> > > shouldn't he? It should be safe. A SP can get it and go to the IdP.
> > > would be different than if the user had authenticated?
> > >
> > Well, the first thing to note is that the EEC is short-lived (like a
> > typical proxy), so it's not going to be around long enough to be
> > abused. Second thing to note is that a SAML assertion is
> > cryptographically bound to the EEC by the CA, and likewise there is a
> > token bound to the SAML assertion. The IdP bound that token when I
> > authenticated, and only the IdP can unravel that token. An example of
> > such a token is the well-known CryptoShibHandle.
> > > > Another use case involves a shib-enabled grid portal (such as a
> > > > TeraGrid Science Gateway) that makes a request to a Grid SP on the
> > > > user's behalf. In that case, the portal issues a proxy certificate
> > > > containing the SAML assertion from the IdP, which it presents to the
> > > > Grid SP. The Grid SP recovers the SAML assertion from the proxy and
> > > > uses the SAML Subject therein to issue a query to the IdP. So
> > > > a DN nor a certificate is required in this case.
> > >
> > > > In the previous use case, if the IdP does not know the portal and the
> > > > Grid SP are affiliated, it may reject the Grid SP's use of the SAML
> > > > Subject. Thus the Grid SP might include the entire certificate in
> > > > query, which proves 1) the subject presented the SAML assertion to
> > > > grid portal, and 2) the grid portal requested the Grid SP on behalf
> > > > the user. The IdP may allow such a request, subject to policy.
> > >
> > > See remark above, I don't think the certificate being in the query
> > > proves 1.
> > >
> > Why not? The SAML assertion has a 10-minute lifetime. If the grid
> > portal does as I suggest above, in the time allotted, has the portal
> > not provided sufficient evidence that I (the user) very recently
> > visited the portal?
> > > For what concern 2, does the IdP care?
> > >
> > As I said above, in the case of standalone attribute query (cold
> > query), in general the IdP very much cares that the user and the
> > portal are legitimately involved in the transaction. This effectively
> > limits the Grid SP's ability to query for my attributes.
> > > Anyway, don't you think that this would be abusing of the Subject
> > > element?
> > >
> > Not at all.
> > > The Subject element 'specifies the principal that is the
> > > subject of all of the statements in the assertions'.
> > >
> > The SP is the producer of the Subject element, not the IdP. In a
> > query, it is the SP that produces the SAML Subject element. The IdP
> > just follows suit (see the notion of "strongly matches" in
> > [SAMLCore]).
> > > It's not supposed
> > > to carry EEC or SAML assertions or proxy, as in the first use case.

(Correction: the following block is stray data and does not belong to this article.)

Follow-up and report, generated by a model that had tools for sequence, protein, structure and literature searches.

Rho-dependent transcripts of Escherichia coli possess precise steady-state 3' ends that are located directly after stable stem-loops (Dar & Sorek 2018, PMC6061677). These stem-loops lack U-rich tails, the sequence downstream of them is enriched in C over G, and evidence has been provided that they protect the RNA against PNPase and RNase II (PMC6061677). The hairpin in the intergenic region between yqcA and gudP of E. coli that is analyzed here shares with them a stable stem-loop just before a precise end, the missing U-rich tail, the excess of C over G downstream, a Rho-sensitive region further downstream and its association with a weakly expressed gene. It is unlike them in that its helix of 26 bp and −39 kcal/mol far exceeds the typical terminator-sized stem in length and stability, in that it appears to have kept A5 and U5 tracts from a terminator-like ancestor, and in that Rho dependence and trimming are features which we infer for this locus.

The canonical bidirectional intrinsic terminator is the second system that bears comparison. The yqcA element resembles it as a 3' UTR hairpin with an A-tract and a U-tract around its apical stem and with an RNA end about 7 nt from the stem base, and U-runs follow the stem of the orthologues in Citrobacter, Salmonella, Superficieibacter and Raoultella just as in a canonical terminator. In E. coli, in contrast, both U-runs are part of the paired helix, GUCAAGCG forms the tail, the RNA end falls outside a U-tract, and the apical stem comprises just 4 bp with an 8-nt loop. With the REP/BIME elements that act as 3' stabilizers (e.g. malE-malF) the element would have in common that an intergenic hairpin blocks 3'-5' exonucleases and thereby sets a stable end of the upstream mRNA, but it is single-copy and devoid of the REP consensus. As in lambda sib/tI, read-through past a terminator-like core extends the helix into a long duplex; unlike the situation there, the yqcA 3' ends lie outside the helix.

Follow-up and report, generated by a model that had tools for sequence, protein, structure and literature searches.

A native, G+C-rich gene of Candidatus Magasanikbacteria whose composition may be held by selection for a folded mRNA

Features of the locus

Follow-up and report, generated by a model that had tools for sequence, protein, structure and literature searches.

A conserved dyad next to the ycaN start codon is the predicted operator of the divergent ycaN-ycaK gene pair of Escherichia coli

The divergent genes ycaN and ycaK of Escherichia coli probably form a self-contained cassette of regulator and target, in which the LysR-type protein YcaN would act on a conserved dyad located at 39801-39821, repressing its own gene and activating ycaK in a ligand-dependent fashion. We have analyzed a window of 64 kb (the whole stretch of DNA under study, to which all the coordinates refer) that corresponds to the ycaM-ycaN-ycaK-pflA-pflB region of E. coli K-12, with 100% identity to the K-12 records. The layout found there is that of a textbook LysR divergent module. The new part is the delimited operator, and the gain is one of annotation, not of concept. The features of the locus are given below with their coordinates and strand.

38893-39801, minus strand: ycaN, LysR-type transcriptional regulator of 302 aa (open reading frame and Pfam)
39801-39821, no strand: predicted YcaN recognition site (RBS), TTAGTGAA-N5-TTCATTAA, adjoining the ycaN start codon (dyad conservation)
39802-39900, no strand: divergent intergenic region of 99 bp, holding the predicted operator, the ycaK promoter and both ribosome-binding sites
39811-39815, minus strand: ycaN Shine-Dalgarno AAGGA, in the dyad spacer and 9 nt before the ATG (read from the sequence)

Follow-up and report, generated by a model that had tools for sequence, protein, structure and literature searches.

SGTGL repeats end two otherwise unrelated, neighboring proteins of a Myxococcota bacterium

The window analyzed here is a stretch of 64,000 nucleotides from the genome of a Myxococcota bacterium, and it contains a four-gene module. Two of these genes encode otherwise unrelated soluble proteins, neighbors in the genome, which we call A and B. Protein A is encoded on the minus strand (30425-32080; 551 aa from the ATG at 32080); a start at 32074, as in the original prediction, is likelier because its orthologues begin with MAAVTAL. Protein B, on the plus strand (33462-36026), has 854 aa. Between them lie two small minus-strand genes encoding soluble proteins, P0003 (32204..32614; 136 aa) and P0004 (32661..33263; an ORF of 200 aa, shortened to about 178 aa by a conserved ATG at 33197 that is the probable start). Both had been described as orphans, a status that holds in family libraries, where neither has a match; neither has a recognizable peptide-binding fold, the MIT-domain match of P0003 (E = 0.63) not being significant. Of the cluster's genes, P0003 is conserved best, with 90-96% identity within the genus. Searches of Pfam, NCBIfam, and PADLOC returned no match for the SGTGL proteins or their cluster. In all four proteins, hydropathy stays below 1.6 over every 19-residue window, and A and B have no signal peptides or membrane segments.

> > > Unless that is for the purpose of identifying the subject. And for
> > > identifying the subject, the DN is well enough.
> > >
> > If the IdP trusts the Grid SP to request attributes only when there's
> > a legitimate user request in progress in the background, then yes, a
> > DN will suffice. In general, that trust may not exist, so we need a
> > mechanism that an SP can use to "prove" (maybe that's too strong of a
> > word) user presence.
> > > If a IdP requires by authz policy that the EEC of the subject is
> > > passed, I don't think we should force the query to allow that.
> > >
> > No, I never said the SP MUST use a certificate, but I don't think the
> > SP MUST use a DN either. (I've just outlined a use case where neither
> > is required in fact.) In the case of query (not self-query), here's
> > the suggested normative language:
> > - An SP MAY use an X509SubjectName name identifier or an identifier of
> > type KeyIdentifierType. [The latter was defined previously, as a
> > suitably constrained <ds:KeyInfo> element.]
> > - An IdP MUST support X509SubjectName. Other NameID formats,
> > including KeyIdentifierType, MAY be supported by the IdP.
> > > The
> > > consumer may use other means of passing such information, for example
> > > WS-Security when the services are SOAP enabled.
> > >
> > I know of no WSS profile that covers this use case where the requester
> > is acting on behalf of the subject. That said, that's an interesting
> > idea, putting an X.509 token in the SOAP header, and a SAML request in
> > the SOAP body. That requires quite a bit more than an ordinary SAML
> > SOAP responder, however. It would be much harder to implement.
> > Tom
> David W. Chadwick, BSc PhD
> Professor of Information Systems Security
> The Computing Laboratory, University of Kent, Canterbury, CT2 7NF
> Skype Name: davidwchadwick
> Tel: +44 1227 82 3221
> Fax +44 1227 762 811
> Mobile: +44 77 96 44 7184
> Email: D.W.Chadwick at kent.ac.uk
> Home Page: http://www.cs.kent.ac.uk/people/staff/dwc8/index.html
> Research Web site: http://www.cs.kent.ac.uk/research/groups/iss/index.html
> Entrust key validation string: MLJ9-DU5T-HV8J
> PGP Key ID is 0xBC238DE5
More information about the ogsa-authz-wg